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Russia may change list of Ukrainian goods subject to duty if EU trade deal goes ahead

October 01, 2014, 14:56 UTC+3 MOSCOW

Changes might apply to the entire list of goods covered by a government resolution but the ministry’s final proposal have not been formulated yet

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At a Ukrainian port

At a Ukrainian port

© ITAR-TASS/Alexei Pavlishak

MOSCOW, October 1. /TASS/. The Russian authorities are drawing up a list of Ukrainian goods that will be subject to customs duty after Kiev implements a trade deal with the EU. The list of such goods may undergo changes, according to a draft document published by the Industry and Trade Ministry on Wednesday.

“The possibility of making amendments is necessitated by requests, which the Russian Industry and Trade Ministry is receiving from Russian producers, consumers and foreign trade participants on adding or excluding certain goods, in relation to which customs duties are introduced,” the ministry’s draft document says.

An employee of the ministry’s department for foreign trade state regulation told TASS that changes might apply to the entire list of goods covered by a government resolution but the ministry’s final proposal have not been formulated yet.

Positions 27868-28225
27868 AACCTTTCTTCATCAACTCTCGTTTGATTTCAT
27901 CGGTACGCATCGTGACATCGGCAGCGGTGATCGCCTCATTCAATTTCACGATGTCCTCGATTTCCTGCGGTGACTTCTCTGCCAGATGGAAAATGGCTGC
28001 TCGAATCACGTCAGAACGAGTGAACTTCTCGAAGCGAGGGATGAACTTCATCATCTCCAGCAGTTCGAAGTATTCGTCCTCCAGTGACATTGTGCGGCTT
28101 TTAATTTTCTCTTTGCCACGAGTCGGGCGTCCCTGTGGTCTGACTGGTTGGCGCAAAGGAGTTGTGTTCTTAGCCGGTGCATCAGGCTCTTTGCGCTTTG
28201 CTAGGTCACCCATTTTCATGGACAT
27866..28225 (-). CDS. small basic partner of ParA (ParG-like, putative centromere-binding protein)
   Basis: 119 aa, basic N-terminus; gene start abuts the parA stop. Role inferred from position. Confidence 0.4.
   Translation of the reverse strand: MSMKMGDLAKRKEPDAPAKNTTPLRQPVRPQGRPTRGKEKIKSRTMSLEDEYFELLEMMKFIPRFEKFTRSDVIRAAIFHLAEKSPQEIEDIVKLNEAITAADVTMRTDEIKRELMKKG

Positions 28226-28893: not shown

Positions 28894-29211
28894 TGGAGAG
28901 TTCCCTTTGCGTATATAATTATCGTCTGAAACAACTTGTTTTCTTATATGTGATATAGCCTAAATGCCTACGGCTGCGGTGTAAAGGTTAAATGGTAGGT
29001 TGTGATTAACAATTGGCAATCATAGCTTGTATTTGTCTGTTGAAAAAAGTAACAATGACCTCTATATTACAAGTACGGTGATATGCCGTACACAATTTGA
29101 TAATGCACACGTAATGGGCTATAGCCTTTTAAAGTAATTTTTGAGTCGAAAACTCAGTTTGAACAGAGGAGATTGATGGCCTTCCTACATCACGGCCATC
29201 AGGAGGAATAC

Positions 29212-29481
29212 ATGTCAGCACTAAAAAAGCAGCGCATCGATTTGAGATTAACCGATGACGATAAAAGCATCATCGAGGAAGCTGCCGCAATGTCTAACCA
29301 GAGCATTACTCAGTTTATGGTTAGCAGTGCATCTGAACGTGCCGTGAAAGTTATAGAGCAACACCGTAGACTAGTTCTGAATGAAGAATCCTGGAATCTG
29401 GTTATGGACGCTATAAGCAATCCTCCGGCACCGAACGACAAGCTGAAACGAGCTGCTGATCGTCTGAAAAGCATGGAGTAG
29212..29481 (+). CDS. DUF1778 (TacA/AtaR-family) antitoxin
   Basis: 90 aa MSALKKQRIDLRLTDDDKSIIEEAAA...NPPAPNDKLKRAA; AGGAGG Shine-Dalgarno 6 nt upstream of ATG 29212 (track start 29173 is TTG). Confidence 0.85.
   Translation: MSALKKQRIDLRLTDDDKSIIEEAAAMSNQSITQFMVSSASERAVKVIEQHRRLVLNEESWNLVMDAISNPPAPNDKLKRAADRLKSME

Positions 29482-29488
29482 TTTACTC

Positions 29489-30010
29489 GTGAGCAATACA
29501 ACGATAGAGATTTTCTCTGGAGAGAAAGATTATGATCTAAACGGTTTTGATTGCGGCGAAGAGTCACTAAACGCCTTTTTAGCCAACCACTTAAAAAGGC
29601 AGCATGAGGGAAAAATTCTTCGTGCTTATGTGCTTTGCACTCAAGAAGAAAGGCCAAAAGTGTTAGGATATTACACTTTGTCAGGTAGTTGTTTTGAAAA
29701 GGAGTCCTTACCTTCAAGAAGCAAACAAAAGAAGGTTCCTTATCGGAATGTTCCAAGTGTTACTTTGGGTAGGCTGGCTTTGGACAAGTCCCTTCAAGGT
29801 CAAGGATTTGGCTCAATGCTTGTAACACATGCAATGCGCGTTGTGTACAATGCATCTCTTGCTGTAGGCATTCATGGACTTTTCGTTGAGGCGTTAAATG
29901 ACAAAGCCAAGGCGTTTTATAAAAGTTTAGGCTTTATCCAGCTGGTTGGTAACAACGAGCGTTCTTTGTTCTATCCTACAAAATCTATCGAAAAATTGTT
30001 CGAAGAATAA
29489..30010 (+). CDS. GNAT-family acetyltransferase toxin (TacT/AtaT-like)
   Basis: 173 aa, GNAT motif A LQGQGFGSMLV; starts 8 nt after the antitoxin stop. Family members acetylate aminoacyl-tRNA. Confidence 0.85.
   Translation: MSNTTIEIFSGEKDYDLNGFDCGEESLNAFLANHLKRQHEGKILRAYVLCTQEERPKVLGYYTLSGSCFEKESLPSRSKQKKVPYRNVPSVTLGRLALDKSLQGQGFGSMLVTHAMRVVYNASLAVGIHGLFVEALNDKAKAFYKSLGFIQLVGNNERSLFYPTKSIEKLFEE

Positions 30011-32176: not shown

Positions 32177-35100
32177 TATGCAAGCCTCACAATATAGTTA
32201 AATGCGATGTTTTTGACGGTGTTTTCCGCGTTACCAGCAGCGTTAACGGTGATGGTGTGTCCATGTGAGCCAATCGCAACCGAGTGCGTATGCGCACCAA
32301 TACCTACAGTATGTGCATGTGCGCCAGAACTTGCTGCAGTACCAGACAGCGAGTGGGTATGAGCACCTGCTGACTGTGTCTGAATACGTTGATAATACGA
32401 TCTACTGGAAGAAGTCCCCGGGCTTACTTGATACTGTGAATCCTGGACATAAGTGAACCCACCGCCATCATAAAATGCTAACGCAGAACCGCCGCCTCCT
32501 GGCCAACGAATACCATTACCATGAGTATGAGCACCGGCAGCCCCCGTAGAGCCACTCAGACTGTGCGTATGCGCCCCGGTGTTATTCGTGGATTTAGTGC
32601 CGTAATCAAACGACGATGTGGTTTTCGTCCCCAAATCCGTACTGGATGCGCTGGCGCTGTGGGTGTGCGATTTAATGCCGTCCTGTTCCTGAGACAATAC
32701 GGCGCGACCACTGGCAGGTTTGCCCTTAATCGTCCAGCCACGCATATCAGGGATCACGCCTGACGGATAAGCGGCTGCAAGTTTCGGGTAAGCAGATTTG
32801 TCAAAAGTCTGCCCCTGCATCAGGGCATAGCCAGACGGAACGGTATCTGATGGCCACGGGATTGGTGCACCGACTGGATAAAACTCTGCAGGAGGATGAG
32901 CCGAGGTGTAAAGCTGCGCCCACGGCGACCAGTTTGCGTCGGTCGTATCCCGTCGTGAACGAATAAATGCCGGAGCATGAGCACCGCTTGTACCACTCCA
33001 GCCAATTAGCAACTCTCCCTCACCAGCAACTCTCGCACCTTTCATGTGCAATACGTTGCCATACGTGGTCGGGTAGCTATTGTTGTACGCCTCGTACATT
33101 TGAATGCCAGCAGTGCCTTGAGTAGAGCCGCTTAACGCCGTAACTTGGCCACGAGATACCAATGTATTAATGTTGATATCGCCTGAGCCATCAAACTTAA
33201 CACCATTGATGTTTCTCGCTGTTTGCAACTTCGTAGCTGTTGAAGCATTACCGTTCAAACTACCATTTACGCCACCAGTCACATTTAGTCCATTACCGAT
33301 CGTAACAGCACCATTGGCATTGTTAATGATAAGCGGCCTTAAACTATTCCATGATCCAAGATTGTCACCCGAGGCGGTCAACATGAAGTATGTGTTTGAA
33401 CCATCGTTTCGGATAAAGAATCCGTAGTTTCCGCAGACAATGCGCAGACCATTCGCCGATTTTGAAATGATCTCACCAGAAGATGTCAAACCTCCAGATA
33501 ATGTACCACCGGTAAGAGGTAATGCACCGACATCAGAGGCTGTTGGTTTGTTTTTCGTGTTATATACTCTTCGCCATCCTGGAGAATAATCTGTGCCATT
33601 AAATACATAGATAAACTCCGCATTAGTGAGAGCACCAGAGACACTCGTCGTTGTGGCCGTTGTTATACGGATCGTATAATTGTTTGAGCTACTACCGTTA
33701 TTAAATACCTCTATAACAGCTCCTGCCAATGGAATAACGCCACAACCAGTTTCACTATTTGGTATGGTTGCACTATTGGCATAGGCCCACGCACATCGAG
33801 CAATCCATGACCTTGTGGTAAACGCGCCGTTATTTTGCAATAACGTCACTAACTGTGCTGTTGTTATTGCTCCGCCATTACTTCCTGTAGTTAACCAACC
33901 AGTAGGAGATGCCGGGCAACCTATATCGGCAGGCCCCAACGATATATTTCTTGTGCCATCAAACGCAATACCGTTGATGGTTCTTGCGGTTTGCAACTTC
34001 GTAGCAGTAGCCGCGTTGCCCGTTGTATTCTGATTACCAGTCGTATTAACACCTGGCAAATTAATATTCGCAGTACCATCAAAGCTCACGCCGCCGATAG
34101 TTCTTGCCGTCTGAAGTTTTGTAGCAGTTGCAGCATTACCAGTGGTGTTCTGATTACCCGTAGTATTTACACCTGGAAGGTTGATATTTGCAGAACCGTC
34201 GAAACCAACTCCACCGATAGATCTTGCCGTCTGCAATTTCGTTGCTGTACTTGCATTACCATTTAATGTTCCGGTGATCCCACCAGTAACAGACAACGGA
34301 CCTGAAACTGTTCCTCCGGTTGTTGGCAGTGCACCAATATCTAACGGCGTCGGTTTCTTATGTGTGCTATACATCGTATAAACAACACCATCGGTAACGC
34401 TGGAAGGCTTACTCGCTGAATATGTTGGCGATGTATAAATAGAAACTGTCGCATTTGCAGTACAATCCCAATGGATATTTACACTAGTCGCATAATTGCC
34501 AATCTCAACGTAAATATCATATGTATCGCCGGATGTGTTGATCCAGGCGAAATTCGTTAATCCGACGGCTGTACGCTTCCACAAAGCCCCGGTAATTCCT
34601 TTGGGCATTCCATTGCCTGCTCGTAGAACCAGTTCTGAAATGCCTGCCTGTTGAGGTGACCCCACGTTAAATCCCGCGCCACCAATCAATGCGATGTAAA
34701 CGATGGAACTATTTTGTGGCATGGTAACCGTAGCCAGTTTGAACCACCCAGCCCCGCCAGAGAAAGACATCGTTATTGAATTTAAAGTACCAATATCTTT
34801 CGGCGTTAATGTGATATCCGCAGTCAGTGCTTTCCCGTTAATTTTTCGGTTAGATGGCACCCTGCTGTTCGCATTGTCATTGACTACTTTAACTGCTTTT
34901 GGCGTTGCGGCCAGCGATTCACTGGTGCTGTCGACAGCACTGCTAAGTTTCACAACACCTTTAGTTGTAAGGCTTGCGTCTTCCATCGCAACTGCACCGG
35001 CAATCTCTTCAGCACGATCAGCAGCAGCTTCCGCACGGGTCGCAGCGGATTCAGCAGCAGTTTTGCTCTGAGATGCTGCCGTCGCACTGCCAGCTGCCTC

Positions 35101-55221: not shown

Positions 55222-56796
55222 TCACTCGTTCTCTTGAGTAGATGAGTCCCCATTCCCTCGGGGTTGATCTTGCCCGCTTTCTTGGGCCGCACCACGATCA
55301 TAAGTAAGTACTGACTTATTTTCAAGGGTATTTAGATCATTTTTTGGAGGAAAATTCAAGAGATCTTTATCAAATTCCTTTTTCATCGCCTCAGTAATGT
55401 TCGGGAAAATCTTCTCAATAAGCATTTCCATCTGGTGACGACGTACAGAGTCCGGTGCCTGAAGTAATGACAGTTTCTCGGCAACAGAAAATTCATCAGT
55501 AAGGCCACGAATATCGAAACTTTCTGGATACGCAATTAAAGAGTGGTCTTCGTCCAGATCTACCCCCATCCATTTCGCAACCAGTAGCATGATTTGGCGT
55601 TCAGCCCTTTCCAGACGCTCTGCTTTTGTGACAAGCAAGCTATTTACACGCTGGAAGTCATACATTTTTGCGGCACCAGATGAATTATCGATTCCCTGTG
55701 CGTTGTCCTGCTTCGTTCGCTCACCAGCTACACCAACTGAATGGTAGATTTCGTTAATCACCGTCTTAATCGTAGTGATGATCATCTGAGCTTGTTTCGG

The document is intended to be submitted for public discussion before October 16, he said.

Russian Prime Minister Dmitry Medvedev signed a government resolution on September 19 on imposing customs duties on Ukrainian export goods within 10 days after Ukraine launches the implementation of a free trade deal with the European Union.

Ukraine's EU Associaton Agreement delayed

Russia, Ukraine and the EU agreed on September 12 to delay the implementation of a free trade pact between Kiev and Europe at least until the end of 2015.

Russia on many occasions said that the Ukraine-EU free trade deal implementation will harm the domestic market, unless amendments are made to the text of the agreement.

The Russian government’s resolution will apply to Ukrainian meat, dairy and confectionary products, fruits and grain, as well as beer, wine, alcohol and cigarettes.

If Ukraine starts implementing the EU trade pact ahead of the scheduled time, Russia will also raise customs duties on Ukrainian cars, buses, refrigerators, clothes, footwear and plumbing equipment, ferrous metal items, glass, cement, concrete, plastics and mineral fertilizer.

The Russian government’s list also includes passenger and freight vessels, engineering goods, cosmetics, fabrics, furniture and sporting equipment. Overall, the list comprises 174 commodity items.

The Russian premier has said “these steps will be introduced solely for the protection of domestic producers from unfair competition.

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